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Hencc charter'd boroughs are such public plagues
And burghers, men immaculate perliaps.tuoi beli
In all their private functions, once combin'da ili
Become a loathsome body, only fit * 5d
For dissolution, hurtful to the main. 12}}1992
Hence merchants, unimpeachable of sin 98 993
Against the charities of domestic life, oor
Incorporated seem at once to lose : 1.5"IL A r]
Their nature; 'and, disclaiming all regarde 1.1
For mercy and the common rights of man, i to
Build factories with blood, conducting trade i 90T
At the sword's point, and dyeing the white robe T
Of innocent commercial Justice red. ! in ot 1.9V
Hence too the field of glory, as the world nie g]
Misdeems it, dazzled by it's bright array, . ,31
With all it's majesty of thund'ring pomp, mr !
Enchanting music and immortal wreaths, }***
Is but a school, where thoughtlessness is taught
On principle, where foppery Stones
For folly, gallantry for ev'ry 'vice.

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But slighted as it is, and by the great
Abandon'd, and, which still I more regret,
Infected with the manners and the modes,
It knew not once, the country wins me still. - ? ?
I never fram'd a wish, or form’d a plan, klar!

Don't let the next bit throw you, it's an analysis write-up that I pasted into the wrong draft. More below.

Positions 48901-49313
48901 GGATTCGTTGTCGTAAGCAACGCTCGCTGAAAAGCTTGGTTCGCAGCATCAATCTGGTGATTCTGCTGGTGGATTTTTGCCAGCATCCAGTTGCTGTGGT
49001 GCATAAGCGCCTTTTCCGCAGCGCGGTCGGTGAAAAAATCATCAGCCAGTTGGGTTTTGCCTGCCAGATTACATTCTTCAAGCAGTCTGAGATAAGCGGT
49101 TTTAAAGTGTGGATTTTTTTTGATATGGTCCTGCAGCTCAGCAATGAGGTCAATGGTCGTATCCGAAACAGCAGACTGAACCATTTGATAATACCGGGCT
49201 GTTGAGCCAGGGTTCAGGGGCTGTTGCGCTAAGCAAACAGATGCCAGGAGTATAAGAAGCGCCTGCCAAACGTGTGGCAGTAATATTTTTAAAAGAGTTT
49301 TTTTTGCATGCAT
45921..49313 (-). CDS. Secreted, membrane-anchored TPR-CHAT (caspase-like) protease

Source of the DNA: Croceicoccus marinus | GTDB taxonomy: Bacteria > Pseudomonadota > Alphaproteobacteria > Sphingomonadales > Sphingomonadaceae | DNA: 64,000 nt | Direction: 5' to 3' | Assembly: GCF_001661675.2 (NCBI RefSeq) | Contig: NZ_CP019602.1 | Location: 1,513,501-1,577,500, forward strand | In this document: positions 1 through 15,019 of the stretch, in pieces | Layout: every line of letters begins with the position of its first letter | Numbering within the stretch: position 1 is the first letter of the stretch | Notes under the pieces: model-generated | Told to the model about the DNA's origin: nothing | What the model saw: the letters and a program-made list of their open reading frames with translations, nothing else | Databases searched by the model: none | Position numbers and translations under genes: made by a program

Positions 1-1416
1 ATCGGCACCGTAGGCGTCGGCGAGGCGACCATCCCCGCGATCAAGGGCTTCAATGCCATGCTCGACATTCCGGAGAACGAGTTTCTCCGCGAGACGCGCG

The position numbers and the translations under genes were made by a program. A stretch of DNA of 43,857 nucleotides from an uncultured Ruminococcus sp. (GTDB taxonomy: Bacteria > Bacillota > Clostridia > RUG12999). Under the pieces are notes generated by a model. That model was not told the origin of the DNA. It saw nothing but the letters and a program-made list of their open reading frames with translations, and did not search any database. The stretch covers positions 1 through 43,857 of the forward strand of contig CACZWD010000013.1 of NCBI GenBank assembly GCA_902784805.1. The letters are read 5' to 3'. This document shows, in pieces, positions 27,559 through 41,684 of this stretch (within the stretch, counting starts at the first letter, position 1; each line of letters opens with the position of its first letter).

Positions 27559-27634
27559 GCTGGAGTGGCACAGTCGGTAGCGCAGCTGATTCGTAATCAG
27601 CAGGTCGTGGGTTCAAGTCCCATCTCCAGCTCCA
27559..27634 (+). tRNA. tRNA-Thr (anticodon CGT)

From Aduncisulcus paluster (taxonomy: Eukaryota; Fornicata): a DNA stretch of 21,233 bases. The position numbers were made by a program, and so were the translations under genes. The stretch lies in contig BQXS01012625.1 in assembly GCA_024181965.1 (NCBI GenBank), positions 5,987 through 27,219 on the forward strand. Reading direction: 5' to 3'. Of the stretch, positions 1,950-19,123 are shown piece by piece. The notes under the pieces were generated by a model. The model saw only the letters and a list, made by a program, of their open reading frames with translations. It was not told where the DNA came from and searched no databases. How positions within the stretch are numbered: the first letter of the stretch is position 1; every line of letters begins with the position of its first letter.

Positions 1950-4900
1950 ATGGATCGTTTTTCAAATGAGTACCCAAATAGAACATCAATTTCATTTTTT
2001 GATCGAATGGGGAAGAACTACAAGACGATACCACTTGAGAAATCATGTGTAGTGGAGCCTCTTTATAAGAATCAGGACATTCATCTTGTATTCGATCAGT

That flatter'd me with hopes of earthly bliss, vel
But there I laid the scene. There early stray'd !

My fancy, ere yet liberty of choice
Had found me, or the bope of being free.
My very dreams were rural; rural too
The first-born efforts of my youthful muse,
Sportive and jingling her poetic bells,
Ere yet her ear was mistress of their pow'rs.
No bard could please me but whose lyre was tun'd
To Nature's praises. Heroes and their feats
Fatigu’díme, never weary of the pipe
Of Tityrus, assembling, as he sang,
The rustic throng beneath his fav’rite beech.
Then Milton had indeed a poet's charms :
New to my taste bis Paradise surpass'd
The struggling efforts of my boyish tongue,
To speak it's excellence. I danc'd for joy.
I marvell’d much that, at so ripe an age 1
As twice seven years, his beauties had then first

Engag'd my wonder; and admiring still,
And still admiring, with regret suppos'd
The joy half lost, because not sooner found.
There too enamour'd of the life I lov'd,
Pathetic in it's praise, in it's pursuit
Determin'd, and possessing it at last
With transports, such as favour'd lovers feel,
I studied, priz'd, and wish'd that I had known,!
Ingenious Cowley! and, though now reclaim'd
By modern lights from an erroneous taste,
I cannot but lament thy splendid wit

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2*43 to off riavl Entangled in the cobwebs of the schools, ghing AI still revere thee, courtly though retirds ICOT Though stretch'd at ease in Chertsey's silent bow'rs Not unemploy'd; and finding rich amends

Ciao For a lost world in solitude and verse. stoping 9H 'Tis born with all: the love of Nature's works » I Is an ingredient in the compound man, ini bite al Infus'd at the creation of the kind.